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Paper and Perfume by Sophia Shuttleworth
of House of Mir
28 November 2009
It takes a person with some insight to recognise a link between perfume, and that common, seemingly unrelated substance, paper. But at the next Country Craft Market of 28 November 2009, Sophia Shuttleworth plans to demonstrate how they can be brought together beautifully, into a symphony of colours, forms, textures and fragrances.
As one small part of her expansive field of interests, Sophia fashions elegant containers from paper maché, to use as potpourri holders. Then she combines her knowledge of natural perfumes, to complete this crafty duet that is able to entice the senses in many ways.
There has to be a special sense of achievement when one is able to allow recycled waste, paper in this case, to find new life as objet d'art. Incorporating the fragrances of nature into this artwork is a crowning glory. Sophia proves that true crafting is about a state of mind, not just about the resulting craftworks.
Sophia migrated towards crafting while dealing with the unpredictable nature of the film industry in which she then worked. In juggling family life with the demands of work, "I decided to focus on my crafting skills and founded House of Mir Natural Perfumery in Somerset West, as an umbrella for all my scent-related crafts", she explains.
"I started working with herbs since my earliest childhood," She tells. "I have worked with plants and herbs from as far back as I can remember. The first time I was stung by a bee as a child was when I was brewing a perfume. I was experimenting with making perfumes after I discovered under a tree in our garden, a tin filled with blossoms fermenting in rainwater. The scent blew me away."
She continues. "To my nose it had transformed the blossoms and water into a real perfume. It was like finding a fairy's gift with the magic formula attached. Of course I set about to recreate it myself, which led to many more experiments with all kinds of flowers and berries. And so my life-long love for botanical concoctions was born."
"I started working with essential oils about 25 years ago. I finally discovered Natural Perfumery through my research into ancient anointing oils and in particular the famous ancient Egyptian Kyphi oil. In Natural Perfumery we use techniques that were developed during the 19th century by French perfumers, before the introduction of synthetics. Today, however, we have available precious ingredients from all over the world. We use essential oils and absolutes, as well extractions we make ourselves through tinctures and enfleurage."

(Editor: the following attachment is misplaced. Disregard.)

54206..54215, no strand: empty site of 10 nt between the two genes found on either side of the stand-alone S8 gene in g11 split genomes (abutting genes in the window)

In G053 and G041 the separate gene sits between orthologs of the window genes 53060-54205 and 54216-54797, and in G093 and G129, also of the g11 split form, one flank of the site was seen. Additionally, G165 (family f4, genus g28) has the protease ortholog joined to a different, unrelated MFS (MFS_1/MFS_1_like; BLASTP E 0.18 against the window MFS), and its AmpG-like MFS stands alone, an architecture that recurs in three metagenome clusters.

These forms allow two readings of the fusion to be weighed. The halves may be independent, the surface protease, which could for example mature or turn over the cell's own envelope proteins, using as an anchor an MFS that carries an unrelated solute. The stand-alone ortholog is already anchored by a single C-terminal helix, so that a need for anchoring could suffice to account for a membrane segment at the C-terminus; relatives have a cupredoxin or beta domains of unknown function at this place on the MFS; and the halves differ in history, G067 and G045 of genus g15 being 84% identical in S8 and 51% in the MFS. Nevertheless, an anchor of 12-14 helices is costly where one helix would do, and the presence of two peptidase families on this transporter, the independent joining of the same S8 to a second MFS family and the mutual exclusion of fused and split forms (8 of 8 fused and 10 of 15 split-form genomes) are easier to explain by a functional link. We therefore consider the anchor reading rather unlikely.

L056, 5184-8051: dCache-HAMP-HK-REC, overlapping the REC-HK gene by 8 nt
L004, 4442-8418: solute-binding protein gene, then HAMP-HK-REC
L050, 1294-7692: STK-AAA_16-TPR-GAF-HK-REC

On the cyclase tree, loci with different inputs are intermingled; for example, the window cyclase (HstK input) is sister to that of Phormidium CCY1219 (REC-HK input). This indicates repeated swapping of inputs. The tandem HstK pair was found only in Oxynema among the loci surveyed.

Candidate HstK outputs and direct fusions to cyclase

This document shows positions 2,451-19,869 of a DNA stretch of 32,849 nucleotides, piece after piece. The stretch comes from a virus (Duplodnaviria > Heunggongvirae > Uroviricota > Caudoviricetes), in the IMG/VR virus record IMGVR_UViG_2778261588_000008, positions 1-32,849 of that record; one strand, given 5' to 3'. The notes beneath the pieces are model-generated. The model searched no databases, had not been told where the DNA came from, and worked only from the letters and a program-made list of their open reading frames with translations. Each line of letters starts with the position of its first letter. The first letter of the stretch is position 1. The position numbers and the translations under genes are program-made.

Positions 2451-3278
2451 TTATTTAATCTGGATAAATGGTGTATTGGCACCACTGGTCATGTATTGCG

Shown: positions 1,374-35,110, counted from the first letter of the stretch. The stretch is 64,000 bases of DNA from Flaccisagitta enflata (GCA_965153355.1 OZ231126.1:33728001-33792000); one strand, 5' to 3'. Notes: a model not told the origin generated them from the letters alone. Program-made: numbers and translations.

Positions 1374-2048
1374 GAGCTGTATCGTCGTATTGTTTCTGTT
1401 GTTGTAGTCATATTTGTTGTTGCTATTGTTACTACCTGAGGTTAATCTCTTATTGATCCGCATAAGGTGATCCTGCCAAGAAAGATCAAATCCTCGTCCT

"Natural Perfumery is an abstract art form," Sophia claims, "that uses the skin as a canvas and speaks directly to the wearer on an emotional basis. 'Silent poetry' and 'liquid emotions' are ways to describe the artform of perfumery."
Through her crafting interests, Sophia developed much respect for paper maché. "It is one of the earliest forms of recycling", she notes. "It is reported to have originated in China in the early years of the 2nd century AD and has been used since then to make chairs for royalty, panels for coaches, jewellery, and even Chinese spears and amour. Yet to this day, the basic techniques remain the same as in the 2nd century."
"As a medium it is incredibly versatile and durable and can easily be moulded into a multitude of shapes and designs with only the extent of your imagination limiting its scope. For me, there seem to be no end to the new ways I find to use it. It can also be combined with so many other craft techniques."
Sophia uses paper maché to make (amongst other things) colourful bowls, and vegetable and fruit forms. Colours and textures enhance these organic forms, giving them both decorative and practical value.
Sophia Shuttleworth is indeed a multifaceted person. She was known as a multi-tasker in the film industry, an industry that is indeed also multifaceted. "I was an art director, stylist, props master, set dresser, wardrobe mistress and make-up artist", she tells. "During that time I had the opportunity to hone my varied crafting skills and perhaps more importantly, my aesthetic vision," she adds.
And that aesthetic vision extends across a broad front, from the use of humble paper maché, through the complexities of perfumery, and on to teaching the somewhat more profound and mystical Sophian Gnostic Kaballah.
"At my demonstration", reveals Sophia, "I will be making a pumpkin or perhaps a fruit, in a mould. Plus I will have one finished item to show the end result. Apart from showing how to work with paper maché, I will also have more examples of what one can do with paper maché, to show its versatility as a medium."
Without doubt, visitors can be assured of an interesting time when viewing Sophia's demonstration at the next Country Craft Market on 28 November 2009. It will add an extra-special touch to the enjoyment of doing Christmas shopping at the craft market.
Last Updated 01 November 2017 16:11